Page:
On March 19th, 2021, Microsoft introduced Azure AD Connect version 184.108.40.206 to incorporate the lessons learned and distribute the fixes Microsoft made to the larger public. As part of its version release history, Microsoft added the following line to the release notes for this version:
Azure AD Connect now supports the Hybrid Identity Administrator role for configuring the service.
Alas, this line applies to all but one implementation scenario.
You implement Azure AD Connect with the Enable seamless single sign-on option enabled, or you implement an additional Azure AD Connect installation towards an Azure AD tenant that has this option enabled.
On the Connect to Azure AD page of the the Microsoft Azure Active Directory Connect wizard, you specify an account that has the Hybrid Identity administrator role assigned, but not the Global administrator role.
The Enable seamless single sign-on option enables the Desktop Single Sign-on (DSSO) feature.
On the Enable single sign-on page of the Microsoft Azure Active Directory Connect wizard, you encounter an Cannot retrieve single sign-on status. error:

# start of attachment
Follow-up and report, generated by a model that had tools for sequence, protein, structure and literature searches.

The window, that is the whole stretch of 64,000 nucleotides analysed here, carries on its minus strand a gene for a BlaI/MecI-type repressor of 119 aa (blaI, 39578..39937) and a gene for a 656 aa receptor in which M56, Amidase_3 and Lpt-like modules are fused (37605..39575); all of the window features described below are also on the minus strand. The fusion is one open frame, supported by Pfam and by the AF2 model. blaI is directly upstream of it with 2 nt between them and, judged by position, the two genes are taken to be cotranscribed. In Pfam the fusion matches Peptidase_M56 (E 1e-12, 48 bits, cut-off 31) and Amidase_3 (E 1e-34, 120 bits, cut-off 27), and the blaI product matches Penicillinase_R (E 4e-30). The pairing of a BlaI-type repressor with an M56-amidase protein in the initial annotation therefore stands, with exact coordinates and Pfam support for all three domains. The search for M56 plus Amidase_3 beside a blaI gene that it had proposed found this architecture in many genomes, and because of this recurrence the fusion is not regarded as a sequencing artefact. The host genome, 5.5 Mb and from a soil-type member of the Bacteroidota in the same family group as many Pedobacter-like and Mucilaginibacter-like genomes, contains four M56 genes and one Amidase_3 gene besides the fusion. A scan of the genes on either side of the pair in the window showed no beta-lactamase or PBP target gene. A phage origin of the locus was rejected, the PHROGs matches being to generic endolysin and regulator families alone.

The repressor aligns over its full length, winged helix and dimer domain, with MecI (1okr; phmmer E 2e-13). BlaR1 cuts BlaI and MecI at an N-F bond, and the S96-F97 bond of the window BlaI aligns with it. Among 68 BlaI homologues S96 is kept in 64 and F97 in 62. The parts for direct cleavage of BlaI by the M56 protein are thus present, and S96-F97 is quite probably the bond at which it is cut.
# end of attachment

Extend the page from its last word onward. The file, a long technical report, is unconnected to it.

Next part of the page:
This error prevents you from continuing to configure Azure AD Connect.
In the Event viewer (eventvwr.exe) you additionally encounter an error:
The error with EventID 0 and source Azure AD Connect Authentication Agent provides the following information:
Connector registration failed: Make sure you are a Global Administrator of your Active Directory to register the Connector. Error: ‘“The registration request was denied. Details: User is unauthorized.”’
This error occurs because managing the Desktop SSO feature is not supported with the Hybrid Identity Administrator role.
The Desktop SSO feature can currently only be managed using an account with the Global Administrator role.
Press the Previous button in the Microsoft Azure Active Directory Connect wizard until you reach the Connect to Azure AD page again. Alternatively, you can click on the Connect to Azure AD node in the left navigation menu.
Enter the credentials of an account with the Global administrator role assigned on this page. Continue the wizard again, but this time with success.
Following Microsoft’s recommended practices for using least privileged roles to accomplish administrative tasks proved troublesome yesterday.
In Azure Active Directory, Microsoft can fix things overnight. I’m sure this issue will be fixed in the coming months. In the meanwhile, please be advised to use an account with the Global administrator role assigned when managing Desktop SSO.
My SCCT colleague Rob Bethbeder brought this issue to my attention.